Reply to Objection 3. In a case of a like need a man may also take secretly another's property in order to succor his neighbor in need.

Now, I'm not saying that St. Thomas is the answer to everything in Catholic
Christianity, but it does come across from the CofE's quarter that they've completely dismissed this rather important section of his writing. The CofE, in Jungian terms, is a creed, not a religion. It has formed a contract with the state to achieve security and self-perpetuation. But as a result, its primary objective becomes not upholding the "word of God" but rather upholding and agreeing with the word of the state: that is, stealing is wrong, intention does not matter outside of cases involving murder. It operates intra-, instead of extra-mundanely.

So there is Ecclesiastical law, which is also included with in the CofE basically backing up with what the Priest was saying. I dare say he had done his sermon because of actual experience of the problem within his parish.

Is starvation a large cause of death across the pond? Perhaps it is time for another LiveAid concert.

No, but there are also homeless people here, who are totally off the social help scale. The Priests direct point was that people should steal to avoid starvation, or more serious crimes like resorting to drug dealing and prostitution to get money.

Jesus, as he did w/the prostitute and those about to stone her may have answered the charge cryptically, but his admonition to the hooker was to go and sin no more. So, Jesus might be more lenient than many people but He would not excuse the sin. Merely attempt to mitigate the severity of one man's judegement and subsequent sentencing of another. Petty theft is petty theft. Doesn't merit severe punishment, but some form of restitution nonetheless. My point is that it would be hard to argue that Jesus would dismiss the thievery as ok/justifiable b/c of the circumstances.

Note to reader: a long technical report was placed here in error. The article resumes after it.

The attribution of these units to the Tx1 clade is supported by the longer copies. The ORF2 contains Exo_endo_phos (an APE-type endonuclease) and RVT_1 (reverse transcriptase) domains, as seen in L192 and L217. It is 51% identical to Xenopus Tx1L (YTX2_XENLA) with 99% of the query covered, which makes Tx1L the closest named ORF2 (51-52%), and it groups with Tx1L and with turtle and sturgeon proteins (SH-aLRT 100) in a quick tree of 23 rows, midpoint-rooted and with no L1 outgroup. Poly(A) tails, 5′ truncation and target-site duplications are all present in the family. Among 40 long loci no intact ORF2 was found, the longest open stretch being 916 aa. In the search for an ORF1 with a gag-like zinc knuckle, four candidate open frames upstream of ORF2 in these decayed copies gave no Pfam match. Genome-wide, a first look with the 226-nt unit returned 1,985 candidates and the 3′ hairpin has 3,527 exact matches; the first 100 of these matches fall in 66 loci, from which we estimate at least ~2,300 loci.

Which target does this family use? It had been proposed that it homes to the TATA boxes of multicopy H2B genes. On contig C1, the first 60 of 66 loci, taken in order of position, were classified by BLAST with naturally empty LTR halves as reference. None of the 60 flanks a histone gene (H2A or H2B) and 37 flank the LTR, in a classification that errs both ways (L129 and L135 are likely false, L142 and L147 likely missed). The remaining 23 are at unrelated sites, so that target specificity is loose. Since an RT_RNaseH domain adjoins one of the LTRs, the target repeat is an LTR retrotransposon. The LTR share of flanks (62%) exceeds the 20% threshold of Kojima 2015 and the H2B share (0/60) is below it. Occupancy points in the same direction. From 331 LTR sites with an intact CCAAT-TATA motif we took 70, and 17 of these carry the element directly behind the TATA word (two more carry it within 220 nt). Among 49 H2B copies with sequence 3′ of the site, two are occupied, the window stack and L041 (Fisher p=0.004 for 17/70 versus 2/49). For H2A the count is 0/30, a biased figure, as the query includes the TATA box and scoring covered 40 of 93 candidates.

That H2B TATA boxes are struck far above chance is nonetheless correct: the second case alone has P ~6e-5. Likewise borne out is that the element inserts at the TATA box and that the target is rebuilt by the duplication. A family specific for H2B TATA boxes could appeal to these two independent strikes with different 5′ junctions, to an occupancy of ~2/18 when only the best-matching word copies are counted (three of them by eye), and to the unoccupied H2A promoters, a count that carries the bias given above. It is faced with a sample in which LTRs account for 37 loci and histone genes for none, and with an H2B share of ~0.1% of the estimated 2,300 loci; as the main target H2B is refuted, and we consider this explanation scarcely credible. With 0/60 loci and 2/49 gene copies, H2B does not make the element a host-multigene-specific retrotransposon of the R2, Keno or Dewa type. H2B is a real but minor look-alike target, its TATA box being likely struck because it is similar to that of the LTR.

Fair enough.

Hence, a Christian clergyman has no business peddling those views.

Did you read Pavlos post?

The tax collector, last I checked, was not some independent agent, but an arm of a govt. Thus conflating tax collectors w/corporate types is not so slipshod, at least in light of your Roman Empire=corporation argument.

Well, the tax collectors evil, was more their own personal doing - i.e. they collected more than they should and kept that for themselves. Where as, the Zimbardo quote is to illustrate the the evil of corporations spreads well beyond individuals - the tax collector is both aware and fully responsible of any evil he does. Anyone in a corporation is not the latter.

But I've got to side w/mimartin that you set a bad precendent in trying to excuse outright or minimize a crime simply based on anti-capitalist views.

Eh? Where on earth did "anti-capitalist" come from? Further more my point was which is a greater crime, for a family to starve or for them to steal to survive? I have never shop-lifted and never will; but I don't have children to support and I dare say a parent watching a child starve would be a terrible thing.

Afterall, how is a "mom and pop" any more virtuous than an "evil corp"? My guess is merely he was saying that stealing from those with much was less onerous than from those with less.

So you keep putting words in his mouth? Much like the news pieces in which I have yet to see a direct quote from the said Priest.

Q
12-23-2009, 02:05 PM
This whole thread amuses me,
You're not the only one, but I have a feeling that we're amused for very different reasons. ;)
because the basic point the Priest made was that people should steal to avoid having to drug deal or go into prostitution;
And he is wrong; very wrong, because stealing is wrong. "Thou shalt not steal" leaves no maneuvering room whatsoever.

Web Rider
12-23-2009, 02:15 PM
This whole thread amuses me, because the basic point the Priest made was that people should steal to avoid having to drug deal or go into prostitution; then a whole load of people put words in his mouth...
So they should break the law so that they don't have to break the law? We have a lot of drug dealing in my home town, it's a very profitable business, and most of the money comes from that harmless plant people won't shut up about. But the fact is, we're still a poor town, we're made up of mostly factory workers, retail, and this+that. Yet, we have a massive homeless problem, partially because everyone is almost dirt poor to begin with, and also because other cities ship their poor our direction.